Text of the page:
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By Sarah Dixon, CDBC, KPA-CTP

Keeping a puppy on a schedule is very helpful for house training as well as reducing nipping. The following is a suggested schedule for you to follow with your newly acquired house shark to aid is house and crate training as well as ensuring your puppy has enough rest time. Puppies who do not get enough rest are bitey puppies!

Please note, I highly recommend using a crate for puppies for house training. If your puppy reacts negatively to the crate or you are opposed to using one, you can substitute a pen with pee pads inside. It accomplishes the need of providing your puppy a safe space to rest but isn’t as helpful for house training. If your puppy really struggles with crate training please contact us for help! With distance consultations we can help anyone, anywhere!

General rules:

  • Young puppies need to go out about once an hour, so you may need to add in more pee breaks. I keep a pee pad down for whoopsies.
  • Puppies tend to poop 3-4 times a day: first thing in the morning, and about an hour after eating
  • Your puppy is likely going to have to potty first thing in the am, pee and poop is likely. When they go pee, praise and treat (I don’t always use treats but it can help) and wait a good 10-15 minutes to see if they will poop if they’re due for a #2.
  • Take your puppy immediately outside for a potty break when waking up. Scoop them out of the crate and carry outside when they’re young.
  • Every time they come out of the crate, they go for a potty break.
  • if your puppy is REALLY wild, they probably need to sleep. Nap time!
  • Feed puppies meals in the crate or pen from puzzle toys. This keeps them busy and burns off a bit of mental energy.
  • Using a tether is a really helpful home management system. It keeps your puppy near you and unable to get into trouble but they don’t need to be penned or crated. It teaches your puppy to cycle into settling after being high energy. It’s also super useful if you have young kids!
  • .Play with puppy before bed so they are tired when it’s time to go to sleep

Schedule: My suggestion is to use a roughly 3 hour rotation schedule. You can have some flexibility here to fit it into your day, but in general we want to mix between crate/pen time, potty breaks, free/play time, tether/settle time and back to the crate/pen. Roughly one hour for crate, play, and tether times is a good guideline. However if your puppy wants to nap longer than 1 hour, let them. The more you get to know your puppy’s schedule the more flexible you can be with this. As they get older, they can gradually have more free time and tether time and less crate time – think of 10 minutes for each per week of age as a general rule.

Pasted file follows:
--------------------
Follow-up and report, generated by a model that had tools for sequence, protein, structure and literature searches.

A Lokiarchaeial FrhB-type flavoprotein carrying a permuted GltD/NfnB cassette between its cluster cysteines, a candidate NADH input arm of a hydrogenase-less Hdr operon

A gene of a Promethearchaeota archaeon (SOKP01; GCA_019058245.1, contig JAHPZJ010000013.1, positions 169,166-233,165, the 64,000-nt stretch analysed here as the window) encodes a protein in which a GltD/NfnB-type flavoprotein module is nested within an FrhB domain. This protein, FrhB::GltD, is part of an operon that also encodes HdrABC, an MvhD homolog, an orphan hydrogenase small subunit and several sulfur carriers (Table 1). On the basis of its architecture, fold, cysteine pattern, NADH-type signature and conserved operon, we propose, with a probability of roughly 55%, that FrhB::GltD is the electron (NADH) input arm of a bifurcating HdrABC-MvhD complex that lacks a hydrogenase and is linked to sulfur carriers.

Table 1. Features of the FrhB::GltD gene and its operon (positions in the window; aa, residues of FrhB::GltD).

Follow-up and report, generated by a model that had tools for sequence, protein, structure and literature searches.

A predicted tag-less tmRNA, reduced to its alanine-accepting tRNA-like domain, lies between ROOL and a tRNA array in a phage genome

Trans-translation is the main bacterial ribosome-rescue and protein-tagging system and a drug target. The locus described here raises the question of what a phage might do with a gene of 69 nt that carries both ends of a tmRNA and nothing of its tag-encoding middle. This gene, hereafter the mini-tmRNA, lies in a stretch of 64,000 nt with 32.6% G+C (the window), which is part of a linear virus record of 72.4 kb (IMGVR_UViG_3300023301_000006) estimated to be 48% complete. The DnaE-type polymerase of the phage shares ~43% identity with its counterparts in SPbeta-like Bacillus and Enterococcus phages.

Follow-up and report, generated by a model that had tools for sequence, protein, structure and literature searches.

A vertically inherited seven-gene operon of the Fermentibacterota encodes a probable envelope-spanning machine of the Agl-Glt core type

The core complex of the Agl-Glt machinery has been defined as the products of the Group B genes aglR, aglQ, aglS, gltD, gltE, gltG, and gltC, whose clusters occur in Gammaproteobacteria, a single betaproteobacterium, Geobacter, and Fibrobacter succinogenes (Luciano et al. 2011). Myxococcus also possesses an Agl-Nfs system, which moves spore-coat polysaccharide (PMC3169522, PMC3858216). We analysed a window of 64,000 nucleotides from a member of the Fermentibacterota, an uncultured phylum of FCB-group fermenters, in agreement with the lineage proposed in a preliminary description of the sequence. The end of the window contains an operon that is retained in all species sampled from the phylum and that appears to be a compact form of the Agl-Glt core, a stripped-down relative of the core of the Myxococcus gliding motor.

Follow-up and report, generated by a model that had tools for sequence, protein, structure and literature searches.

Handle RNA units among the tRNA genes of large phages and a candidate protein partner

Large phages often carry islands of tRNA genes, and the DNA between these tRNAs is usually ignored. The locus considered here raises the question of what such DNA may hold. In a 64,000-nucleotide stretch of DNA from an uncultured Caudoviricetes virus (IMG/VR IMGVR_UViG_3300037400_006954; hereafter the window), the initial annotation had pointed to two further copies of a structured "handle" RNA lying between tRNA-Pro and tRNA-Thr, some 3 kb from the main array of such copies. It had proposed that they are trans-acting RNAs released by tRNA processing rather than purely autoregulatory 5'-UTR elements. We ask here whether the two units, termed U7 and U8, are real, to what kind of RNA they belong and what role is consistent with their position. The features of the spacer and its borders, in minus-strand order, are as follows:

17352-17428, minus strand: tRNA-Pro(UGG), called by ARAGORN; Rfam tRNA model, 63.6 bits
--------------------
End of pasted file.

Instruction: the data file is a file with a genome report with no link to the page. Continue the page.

Crate Training: Crate training provides a number of benefits to owners. A crate that is sized properly encourages a dog’s instinct not to mess where he sleeps, helping to teach the dog bladder and bowel control. This tendency to view the crate as a clean place is a huge benefit house training a new rescue dog or puppy, of course!

Using a crate prevents a dog or pup from getting into trouble when you can’t supervise directly. Those times might include at night, when you are at work (provided the work day is not too long and the dog gets exercise before and after), when you are busy cooking, or any other time when your attention is elsewhere than directly on your dog.

Crate training also teaches puppies and excitable dogs to expect and enjoy some down time, and conditions relaxed behaviour. Dogs and pups can be put into a crate with a yummy and safe chew or stuffed Kong to keep them secure, relaxed, and out of mischief for periods of time.

It works best for a dog to be introduced to a crate gradually, rather than just plopping him in for the night or long periods. It’s also REALLY important that your puppy doesn’t associate the crate only with you leaving, so make sure your puppy spends time in the crate when you’re home and sticking close by. If you only use the crate when you’re leaving your puppy, this can easily develop into confinement or separation anxiety.

Place a bed or mat that your dog already likes into the crate. This will help reduce any startling noises when the dog enters the crate. The dog will also be familiar with the bed, which could make him more willing to go into the crate. When you are not training, leave the crate open and place your dog’s toy basket or favourite toys inside.

Feed your dog meals in the crate, starting by leaving the door open and, as training progresses, closing it. If you give your dog any special treats, chewies, or bones, give them to him in the crate.

Gradually build up the amount of time your dog is in the kennel. If the dog starts to whine, ignore him, letting the dog out once he is calm. If you want to leave your dog in the crate for longer periods, try putting a stuffed Kong, a bully stick, or a safe chewie into the crate as well.

Using a tether is a really helpful home management system.

Tether training: A tether can be as simple as a leash or you can purchase cable tethers (recommended for chewers). Puppies can have toys and chews during tether time. Tether in the same room as you, so you can still keep an eye on your pup. When first starting tether training, stay close and reward your puppy for relaxed behaviour (sitting and lying down) on the tether

For more information and help with training your puppy, check out our self-study online dog training classes, our live online puppy classes, or contact us to book in-person or online private lessons.